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�Society can't progress without gender equality�

By Shambhu boro
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SILIKHABARI (DHEKIAJULI), March 9 � �Without equality for women, overall progress of the society is not possible. Though we claim to be members of a modern society, the women still suffer gender and other discriminations. Even the supposedly rich and advanced nations have failed to provide equal rights to women.,� said the president of the Boro Women Justice Forum and the secretary of the Bodo National Convention (BNC), Anjali Daimary while addressing a massive gathering at Silikhabari Rangamancha on the occasion of International Women�s Day, a remote rural area on the south of NH 15, nearly 30 km from Dhekiajuli town in Sonitpur district.

Urging all concerned to provide adequate space for women, she said that countries with more gender equality have better economic growth. Companies with more women leaders perform better and the peace agreements that include women are more durable. On the otherhand, parliaments with more women enact more legislations on key social issues such as health, education, anti-discrimination and child support. Expressing total discontentment over the alleged discrimination of women, Daimary further stated that important gains have been made in access to education for girls and political representation by women. But progress remains too slow and uneven.

Referring to the message of the UN Secretary General for the International Women�s Day, she said that a baby girl born today will face inequality and discrimination, no matter where her mother lives. �We have a common obligation to ensure her right to live free from the violence that affects one in three women globally, to earn equal say in the decisions that affect her life and to decide if and when she will have children, and how many she will have.� Realising human rights and equality is not a dream, it is the duty of the Government and every human being,� she said.

Another speaker, State Transport and Tourism Minister, Chandan Brahma, said that following the decision agreed at Copenhagen in 1911, the International Women�s Day (IWD) was observed for the first time in Austria, Denmark, Germany and Switzerland on March 19. More than one million women and men attended IWD rallies campaigning for women�s rights to work, vote, be trained, to hold public office and end discrimination. However less than a week later on March 25, the tragic �Triangle Fire� in New York City took the lives of more than 140 working women, most of them Italian and Jewish immigrants. This disastrous event drew significant attention to working conditions and labour legislation in the United States that became a focus of subsequent International Women�s Day events. �I would like to urge the people dealing with woman issues including our social organisations to work for women empowerment so that our economically and educationally backward women could have a room for their uplift reflecting overall development in the society,� Brahma said.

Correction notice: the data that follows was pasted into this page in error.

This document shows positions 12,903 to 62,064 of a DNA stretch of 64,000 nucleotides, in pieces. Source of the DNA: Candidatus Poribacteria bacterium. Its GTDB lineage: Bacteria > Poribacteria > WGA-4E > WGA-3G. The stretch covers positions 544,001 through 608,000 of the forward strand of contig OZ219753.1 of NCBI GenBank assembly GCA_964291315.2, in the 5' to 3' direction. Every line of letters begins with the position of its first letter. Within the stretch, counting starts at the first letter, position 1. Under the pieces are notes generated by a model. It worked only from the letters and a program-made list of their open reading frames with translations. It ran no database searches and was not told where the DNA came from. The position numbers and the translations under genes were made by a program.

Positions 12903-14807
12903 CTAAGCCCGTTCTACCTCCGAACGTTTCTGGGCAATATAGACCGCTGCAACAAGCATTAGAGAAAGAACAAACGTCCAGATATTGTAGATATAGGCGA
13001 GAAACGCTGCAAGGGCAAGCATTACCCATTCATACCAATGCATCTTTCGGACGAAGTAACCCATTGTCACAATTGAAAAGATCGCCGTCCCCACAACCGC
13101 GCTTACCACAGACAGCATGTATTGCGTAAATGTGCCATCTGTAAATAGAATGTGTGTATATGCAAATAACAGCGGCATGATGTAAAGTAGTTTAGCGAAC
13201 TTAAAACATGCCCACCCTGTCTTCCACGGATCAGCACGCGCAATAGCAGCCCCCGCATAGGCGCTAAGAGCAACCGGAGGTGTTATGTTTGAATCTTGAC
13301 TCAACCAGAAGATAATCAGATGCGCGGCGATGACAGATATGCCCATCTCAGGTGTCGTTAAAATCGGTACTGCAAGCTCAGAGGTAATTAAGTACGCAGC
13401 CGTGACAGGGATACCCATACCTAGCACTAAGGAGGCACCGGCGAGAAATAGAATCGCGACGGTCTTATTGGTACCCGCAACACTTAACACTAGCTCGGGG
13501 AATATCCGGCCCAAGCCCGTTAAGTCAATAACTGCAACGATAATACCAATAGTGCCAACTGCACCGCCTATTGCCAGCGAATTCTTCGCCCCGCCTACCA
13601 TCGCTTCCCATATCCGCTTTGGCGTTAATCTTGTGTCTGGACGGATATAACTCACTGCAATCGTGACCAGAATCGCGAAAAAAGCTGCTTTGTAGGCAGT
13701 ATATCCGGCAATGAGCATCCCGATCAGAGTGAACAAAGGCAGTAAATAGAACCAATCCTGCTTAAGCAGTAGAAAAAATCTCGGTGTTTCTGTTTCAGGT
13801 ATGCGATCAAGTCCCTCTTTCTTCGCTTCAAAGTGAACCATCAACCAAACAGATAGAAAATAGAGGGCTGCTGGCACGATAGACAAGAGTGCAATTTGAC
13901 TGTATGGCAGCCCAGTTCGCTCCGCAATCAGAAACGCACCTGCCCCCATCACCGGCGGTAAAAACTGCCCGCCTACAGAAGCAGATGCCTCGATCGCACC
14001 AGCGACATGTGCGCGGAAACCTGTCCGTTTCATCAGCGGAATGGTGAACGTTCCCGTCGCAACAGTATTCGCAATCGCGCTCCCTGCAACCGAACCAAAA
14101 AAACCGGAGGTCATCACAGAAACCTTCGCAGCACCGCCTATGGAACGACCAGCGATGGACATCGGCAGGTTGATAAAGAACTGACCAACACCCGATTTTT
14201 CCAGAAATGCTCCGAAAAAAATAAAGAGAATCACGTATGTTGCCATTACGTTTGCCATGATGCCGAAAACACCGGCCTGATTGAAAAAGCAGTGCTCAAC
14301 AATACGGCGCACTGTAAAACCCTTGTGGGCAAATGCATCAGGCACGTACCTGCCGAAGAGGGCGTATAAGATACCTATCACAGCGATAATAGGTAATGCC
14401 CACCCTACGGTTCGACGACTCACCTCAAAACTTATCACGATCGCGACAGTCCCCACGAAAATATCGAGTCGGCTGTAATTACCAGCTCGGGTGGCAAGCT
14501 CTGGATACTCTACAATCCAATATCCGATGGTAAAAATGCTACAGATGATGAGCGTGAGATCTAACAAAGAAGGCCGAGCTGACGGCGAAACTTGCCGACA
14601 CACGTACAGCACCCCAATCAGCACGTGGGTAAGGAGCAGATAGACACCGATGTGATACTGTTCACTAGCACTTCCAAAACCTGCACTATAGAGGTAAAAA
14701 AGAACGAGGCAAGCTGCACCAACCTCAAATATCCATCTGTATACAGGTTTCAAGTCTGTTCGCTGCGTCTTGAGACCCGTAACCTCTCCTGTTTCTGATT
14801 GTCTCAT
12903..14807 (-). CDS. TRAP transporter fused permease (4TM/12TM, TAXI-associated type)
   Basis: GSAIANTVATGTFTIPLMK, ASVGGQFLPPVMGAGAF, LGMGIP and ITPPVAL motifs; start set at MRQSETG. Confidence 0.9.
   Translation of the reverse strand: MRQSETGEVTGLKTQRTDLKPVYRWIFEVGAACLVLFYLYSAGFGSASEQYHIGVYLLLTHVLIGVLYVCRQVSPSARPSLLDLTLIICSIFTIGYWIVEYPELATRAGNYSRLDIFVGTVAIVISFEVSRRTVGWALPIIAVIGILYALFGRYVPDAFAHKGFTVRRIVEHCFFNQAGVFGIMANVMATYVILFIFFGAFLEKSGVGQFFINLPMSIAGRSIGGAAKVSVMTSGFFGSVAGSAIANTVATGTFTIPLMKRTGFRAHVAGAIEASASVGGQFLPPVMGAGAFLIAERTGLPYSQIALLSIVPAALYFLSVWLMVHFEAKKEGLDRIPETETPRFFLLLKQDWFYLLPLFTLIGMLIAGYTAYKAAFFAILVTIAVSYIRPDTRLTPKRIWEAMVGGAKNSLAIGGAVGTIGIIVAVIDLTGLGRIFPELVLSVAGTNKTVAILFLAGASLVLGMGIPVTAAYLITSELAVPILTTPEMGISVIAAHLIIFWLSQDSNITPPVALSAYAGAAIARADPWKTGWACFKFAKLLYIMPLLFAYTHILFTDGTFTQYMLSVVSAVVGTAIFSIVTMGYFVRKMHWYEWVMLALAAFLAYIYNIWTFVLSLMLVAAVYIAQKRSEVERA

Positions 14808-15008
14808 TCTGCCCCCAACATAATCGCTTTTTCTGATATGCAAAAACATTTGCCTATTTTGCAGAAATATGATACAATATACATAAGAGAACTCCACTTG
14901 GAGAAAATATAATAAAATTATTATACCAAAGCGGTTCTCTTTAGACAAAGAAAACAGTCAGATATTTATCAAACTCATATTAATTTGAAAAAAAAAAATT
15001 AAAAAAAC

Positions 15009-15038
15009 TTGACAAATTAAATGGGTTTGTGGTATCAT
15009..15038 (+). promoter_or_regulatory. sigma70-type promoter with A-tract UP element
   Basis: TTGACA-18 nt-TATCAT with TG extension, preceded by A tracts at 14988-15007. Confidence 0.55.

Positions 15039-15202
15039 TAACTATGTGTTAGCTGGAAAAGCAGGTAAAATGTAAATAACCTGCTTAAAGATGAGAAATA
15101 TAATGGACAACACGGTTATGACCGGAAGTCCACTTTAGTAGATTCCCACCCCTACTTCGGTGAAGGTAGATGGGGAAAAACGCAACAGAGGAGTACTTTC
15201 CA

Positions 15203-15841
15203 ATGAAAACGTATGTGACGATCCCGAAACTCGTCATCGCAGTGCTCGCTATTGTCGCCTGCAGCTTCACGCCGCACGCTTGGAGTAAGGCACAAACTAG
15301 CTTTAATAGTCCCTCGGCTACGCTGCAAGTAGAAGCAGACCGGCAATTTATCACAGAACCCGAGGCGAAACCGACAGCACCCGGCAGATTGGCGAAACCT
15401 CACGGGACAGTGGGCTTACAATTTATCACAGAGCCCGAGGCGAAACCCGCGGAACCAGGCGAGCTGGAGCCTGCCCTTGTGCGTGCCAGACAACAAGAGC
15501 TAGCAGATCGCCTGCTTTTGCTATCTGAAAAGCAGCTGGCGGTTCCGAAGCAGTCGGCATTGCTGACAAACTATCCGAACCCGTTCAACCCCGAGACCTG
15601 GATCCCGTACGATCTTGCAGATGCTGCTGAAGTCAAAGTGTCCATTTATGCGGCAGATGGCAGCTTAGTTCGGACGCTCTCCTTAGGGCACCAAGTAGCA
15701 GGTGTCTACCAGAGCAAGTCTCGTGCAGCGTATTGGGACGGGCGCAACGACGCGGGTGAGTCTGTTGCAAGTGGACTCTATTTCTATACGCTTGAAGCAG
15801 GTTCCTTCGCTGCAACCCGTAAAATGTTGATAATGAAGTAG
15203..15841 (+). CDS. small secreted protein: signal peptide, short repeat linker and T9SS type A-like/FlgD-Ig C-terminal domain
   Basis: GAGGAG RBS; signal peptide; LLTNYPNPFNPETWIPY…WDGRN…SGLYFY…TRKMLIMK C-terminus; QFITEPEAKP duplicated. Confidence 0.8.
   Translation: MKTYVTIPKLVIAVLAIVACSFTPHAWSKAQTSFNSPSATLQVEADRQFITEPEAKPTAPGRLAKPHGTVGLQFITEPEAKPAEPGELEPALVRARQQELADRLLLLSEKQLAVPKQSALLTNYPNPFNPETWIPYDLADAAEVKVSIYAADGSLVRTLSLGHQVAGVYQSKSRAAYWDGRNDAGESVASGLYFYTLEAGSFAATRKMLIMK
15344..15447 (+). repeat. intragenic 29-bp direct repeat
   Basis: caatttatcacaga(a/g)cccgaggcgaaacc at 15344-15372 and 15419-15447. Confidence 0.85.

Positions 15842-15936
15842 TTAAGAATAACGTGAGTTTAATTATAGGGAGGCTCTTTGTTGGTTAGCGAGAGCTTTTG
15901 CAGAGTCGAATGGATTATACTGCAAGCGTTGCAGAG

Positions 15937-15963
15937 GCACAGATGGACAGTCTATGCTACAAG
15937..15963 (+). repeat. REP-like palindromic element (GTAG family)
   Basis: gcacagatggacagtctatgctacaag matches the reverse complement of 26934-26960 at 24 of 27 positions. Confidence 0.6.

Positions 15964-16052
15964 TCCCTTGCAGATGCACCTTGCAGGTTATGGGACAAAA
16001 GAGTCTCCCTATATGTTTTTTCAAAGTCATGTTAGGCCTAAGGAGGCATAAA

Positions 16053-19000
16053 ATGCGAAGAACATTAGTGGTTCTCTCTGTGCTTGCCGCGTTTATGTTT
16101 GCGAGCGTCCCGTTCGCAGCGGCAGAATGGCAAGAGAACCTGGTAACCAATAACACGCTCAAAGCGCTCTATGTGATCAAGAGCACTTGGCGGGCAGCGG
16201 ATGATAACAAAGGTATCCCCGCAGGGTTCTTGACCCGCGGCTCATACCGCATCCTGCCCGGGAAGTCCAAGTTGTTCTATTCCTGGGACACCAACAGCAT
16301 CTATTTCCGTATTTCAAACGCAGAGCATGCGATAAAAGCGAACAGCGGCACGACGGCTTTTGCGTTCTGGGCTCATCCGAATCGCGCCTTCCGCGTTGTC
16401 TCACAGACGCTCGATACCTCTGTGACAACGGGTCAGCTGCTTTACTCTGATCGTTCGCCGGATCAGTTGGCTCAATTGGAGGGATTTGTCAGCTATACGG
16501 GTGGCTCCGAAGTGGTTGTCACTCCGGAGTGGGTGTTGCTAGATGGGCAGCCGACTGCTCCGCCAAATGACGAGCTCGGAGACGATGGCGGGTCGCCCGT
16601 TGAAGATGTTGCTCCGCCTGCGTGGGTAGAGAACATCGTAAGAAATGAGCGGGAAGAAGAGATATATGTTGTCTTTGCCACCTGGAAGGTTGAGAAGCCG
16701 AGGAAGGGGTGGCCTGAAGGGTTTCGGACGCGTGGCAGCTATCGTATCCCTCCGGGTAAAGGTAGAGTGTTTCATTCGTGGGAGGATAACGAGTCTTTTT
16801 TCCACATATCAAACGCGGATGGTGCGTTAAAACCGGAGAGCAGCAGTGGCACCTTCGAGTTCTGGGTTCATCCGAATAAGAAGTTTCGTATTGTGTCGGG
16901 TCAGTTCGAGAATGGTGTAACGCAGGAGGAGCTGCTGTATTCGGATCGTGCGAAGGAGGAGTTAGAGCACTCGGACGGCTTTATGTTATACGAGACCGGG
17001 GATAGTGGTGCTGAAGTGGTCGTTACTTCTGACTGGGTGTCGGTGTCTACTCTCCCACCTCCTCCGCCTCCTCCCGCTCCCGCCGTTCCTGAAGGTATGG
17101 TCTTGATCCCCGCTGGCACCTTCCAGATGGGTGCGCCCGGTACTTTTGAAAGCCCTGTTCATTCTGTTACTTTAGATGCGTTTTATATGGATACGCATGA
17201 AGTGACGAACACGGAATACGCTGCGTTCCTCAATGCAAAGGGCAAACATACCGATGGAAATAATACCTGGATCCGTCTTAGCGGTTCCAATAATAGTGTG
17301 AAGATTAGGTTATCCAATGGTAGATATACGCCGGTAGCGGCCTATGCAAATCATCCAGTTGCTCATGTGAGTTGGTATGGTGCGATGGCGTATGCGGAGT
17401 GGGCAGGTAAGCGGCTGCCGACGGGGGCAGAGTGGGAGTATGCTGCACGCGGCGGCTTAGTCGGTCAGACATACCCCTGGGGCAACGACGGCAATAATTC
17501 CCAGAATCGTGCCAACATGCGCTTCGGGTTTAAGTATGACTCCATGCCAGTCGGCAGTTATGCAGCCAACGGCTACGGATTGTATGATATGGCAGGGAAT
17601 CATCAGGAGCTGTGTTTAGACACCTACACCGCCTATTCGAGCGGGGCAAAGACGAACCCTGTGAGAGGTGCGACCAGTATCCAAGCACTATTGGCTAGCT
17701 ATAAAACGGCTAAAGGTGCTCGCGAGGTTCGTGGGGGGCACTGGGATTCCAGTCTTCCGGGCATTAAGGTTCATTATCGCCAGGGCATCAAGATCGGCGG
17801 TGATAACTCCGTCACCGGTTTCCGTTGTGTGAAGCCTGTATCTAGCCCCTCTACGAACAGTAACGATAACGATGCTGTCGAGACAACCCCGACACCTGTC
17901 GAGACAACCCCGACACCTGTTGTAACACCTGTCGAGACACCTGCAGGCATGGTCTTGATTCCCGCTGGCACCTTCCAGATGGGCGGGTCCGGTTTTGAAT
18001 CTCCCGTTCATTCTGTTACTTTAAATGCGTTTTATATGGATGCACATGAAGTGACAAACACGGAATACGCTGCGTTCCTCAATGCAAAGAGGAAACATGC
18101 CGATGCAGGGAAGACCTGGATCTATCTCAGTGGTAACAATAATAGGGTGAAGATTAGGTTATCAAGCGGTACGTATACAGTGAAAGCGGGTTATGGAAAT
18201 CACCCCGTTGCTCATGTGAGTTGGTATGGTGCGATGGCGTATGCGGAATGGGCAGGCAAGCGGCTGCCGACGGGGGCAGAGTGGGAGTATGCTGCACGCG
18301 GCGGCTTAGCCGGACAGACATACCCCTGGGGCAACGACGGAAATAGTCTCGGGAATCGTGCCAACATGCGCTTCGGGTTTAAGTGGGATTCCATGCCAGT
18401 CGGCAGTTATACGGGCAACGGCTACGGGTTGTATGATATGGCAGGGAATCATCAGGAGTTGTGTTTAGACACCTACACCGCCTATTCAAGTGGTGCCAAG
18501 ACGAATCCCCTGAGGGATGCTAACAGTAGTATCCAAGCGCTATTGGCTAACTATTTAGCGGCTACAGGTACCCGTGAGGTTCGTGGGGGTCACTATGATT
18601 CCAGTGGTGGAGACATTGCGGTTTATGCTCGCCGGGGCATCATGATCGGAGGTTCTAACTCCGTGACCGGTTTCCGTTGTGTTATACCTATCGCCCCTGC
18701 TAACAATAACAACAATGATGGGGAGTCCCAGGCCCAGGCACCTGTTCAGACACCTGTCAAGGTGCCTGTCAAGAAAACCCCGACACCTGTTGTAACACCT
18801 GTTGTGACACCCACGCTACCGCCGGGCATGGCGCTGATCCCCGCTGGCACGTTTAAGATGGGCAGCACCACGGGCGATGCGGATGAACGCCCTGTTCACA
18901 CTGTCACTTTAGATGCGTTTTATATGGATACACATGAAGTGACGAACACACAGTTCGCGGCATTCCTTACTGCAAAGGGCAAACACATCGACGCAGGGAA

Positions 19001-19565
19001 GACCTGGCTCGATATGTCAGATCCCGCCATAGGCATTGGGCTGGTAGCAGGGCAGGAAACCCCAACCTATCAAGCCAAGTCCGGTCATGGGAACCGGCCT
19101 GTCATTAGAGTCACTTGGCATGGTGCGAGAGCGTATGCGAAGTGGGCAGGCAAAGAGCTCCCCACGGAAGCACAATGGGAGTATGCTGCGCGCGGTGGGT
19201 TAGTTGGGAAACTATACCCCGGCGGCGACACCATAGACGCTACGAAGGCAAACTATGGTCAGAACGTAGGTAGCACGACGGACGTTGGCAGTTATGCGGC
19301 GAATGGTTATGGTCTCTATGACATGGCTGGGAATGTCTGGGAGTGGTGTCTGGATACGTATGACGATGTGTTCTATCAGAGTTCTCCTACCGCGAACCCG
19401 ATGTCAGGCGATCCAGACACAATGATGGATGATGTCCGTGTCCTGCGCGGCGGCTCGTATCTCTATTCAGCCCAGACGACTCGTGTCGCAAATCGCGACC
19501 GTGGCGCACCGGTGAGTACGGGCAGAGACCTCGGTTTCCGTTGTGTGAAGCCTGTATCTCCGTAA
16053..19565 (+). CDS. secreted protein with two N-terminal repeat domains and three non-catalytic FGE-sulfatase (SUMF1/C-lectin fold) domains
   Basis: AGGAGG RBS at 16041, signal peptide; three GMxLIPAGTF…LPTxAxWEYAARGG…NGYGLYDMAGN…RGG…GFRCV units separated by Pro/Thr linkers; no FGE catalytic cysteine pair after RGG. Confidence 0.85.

Earlier, the secretary of the Boro Sahitya Sabha, Kamala Kanta Mochahari said that the new millennium has witnessed a significant change and attitudinal shift in both women�s and society�s thoughts about women's equality and emancipation. Many from a younger generation feel that �all the battles have been won for women� while many feminists from the 1970�s know only too well the longevity and ingrained complexity of patriarchy. With more women in the boardroom, greater equality in legislative rights, and an increased critical mass of women�s visibility as impressive role models in every aspect of life, one could think that women have gained true equality. The unfortunate fact is that women are still not paid equally as their male counterparts, women still are not present in equal numbers in business or politics, and globally women�s education, health and the violence against them is worse than that of men. �However, great improvements have been made. We do have female astronauts and prime ministers, school girls are welcomed into university, women can work and have a family, women have real choices. And so the tone and nature of IWD has, for the past few years, moved from being a reminder about the negatives to a celebration of the positives.�

Mochahari added that annually on March 8, thousands of events are held throughout the world to inspire women and celebrate achievements. A global web of rich and diverse local activity connects women from all around the world ranging from political rallies, business conferences, and government activities and networking events through the local women�s craft markets, theatrical performances, fashion parades and more. Many global corporations have also started to more actively support IWD by running their own internal events and through supporting external ones. This atmosphere, we must create for a sustainable environment in our society. The meeting was held under the aegis of the Tezpur district Boro Sahitya Sabha and was attended by the NDFB supremo Ranjan Daimary, Prasanta Kumar Khaklary, secretary, Bodo People�s Committee for Peace Initiative and the secretary of the Tezpur district BSS, Prasanta Boro among others.